24. As a contractor holding a Phase II SBIR Contract from Army, can we subcontract a portion of the R&D to a foreign company to have their workers perform that work in another country? I understand the E-Verify requirements, but they don't apply to work done outside the US. I also understand the limits on the amount of work we can subcontract. But I am not seeing an actual prohibition on having a foreign subcontractor. What am I missing? The contract deliverable at issue is to do a first production run of a product that we will use for testing, evaluation and improvement. I've concluded that we can use a foreign supplier to make a first production run. The product is not a contract deliverable, but it is an element of the SOW for that deliverable. The research results are the deliverable. Thanks for any guidance or input!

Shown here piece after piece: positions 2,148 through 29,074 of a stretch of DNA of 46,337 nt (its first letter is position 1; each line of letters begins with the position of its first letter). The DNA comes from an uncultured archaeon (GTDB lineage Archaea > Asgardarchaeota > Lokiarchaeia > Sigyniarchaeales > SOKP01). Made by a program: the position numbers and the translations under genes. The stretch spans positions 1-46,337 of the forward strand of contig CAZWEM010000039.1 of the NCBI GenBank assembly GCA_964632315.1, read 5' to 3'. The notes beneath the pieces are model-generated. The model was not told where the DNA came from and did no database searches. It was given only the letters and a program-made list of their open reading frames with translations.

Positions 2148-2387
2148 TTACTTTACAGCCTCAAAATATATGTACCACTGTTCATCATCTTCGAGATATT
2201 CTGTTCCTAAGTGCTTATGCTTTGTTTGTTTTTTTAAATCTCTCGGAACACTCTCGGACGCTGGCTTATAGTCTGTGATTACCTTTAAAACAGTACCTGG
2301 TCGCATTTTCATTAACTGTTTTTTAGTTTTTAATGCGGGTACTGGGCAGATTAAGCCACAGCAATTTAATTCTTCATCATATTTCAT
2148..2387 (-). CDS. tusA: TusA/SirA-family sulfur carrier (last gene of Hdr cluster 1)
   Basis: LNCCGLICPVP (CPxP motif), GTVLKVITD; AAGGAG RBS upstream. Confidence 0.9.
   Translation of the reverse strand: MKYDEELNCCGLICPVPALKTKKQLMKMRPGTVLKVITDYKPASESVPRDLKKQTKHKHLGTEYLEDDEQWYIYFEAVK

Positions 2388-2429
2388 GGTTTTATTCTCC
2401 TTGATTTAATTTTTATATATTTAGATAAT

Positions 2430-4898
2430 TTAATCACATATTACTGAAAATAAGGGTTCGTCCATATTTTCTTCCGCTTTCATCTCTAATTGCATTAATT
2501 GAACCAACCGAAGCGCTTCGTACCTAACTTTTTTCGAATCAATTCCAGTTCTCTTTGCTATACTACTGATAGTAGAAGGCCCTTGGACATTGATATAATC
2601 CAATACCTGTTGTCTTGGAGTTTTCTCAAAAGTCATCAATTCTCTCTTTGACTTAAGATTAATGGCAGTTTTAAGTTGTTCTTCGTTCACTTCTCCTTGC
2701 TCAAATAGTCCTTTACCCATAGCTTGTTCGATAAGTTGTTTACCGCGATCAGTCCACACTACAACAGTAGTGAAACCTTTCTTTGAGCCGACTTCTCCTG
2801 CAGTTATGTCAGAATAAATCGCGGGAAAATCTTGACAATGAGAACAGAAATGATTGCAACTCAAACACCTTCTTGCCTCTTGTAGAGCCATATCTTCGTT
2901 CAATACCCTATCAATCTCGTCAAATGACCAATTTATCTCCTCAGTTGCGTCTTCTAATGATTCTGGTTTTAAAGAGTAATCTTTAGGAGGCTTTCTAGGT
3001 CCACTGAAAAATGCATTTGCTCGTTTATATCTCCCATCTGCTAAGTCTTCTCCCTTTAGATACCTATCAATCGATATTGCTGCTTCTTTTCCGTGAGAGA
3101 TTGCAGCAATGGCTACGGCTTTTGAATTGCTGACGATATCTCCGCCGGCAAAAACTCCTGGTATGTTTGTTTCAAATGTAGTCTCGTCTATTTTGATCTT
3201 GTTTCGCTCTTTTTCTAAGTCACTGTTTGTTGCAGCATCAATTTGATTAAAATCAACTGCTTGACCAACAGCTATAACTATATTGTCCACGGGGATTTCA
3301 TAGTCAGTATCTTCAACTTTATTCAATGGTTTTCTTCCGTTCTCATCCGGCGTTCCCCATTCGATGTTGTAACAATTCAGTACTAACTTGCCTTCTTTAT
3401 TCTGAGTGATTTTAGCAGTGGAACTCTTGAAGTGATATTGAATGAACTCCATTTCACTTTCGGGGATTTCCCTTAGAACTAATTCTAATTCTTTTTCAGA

25. Jamaal Valentine

    Subscription as a service

    It is unclear to me what you are actually contracting for, but it sounds like advisory and assistance services. Nonetheless, you asked about subscriptions and may find this previous thread illuminating:
  26. Junius

    Subscription as a service

    You haven't specified what you read in the FAR before, so it's hard for me to suggest where you might locate that information. If you're talking, generally, about a description of what a service contract is, I suggest starting at the "Service contract" definition in FAR 37.101.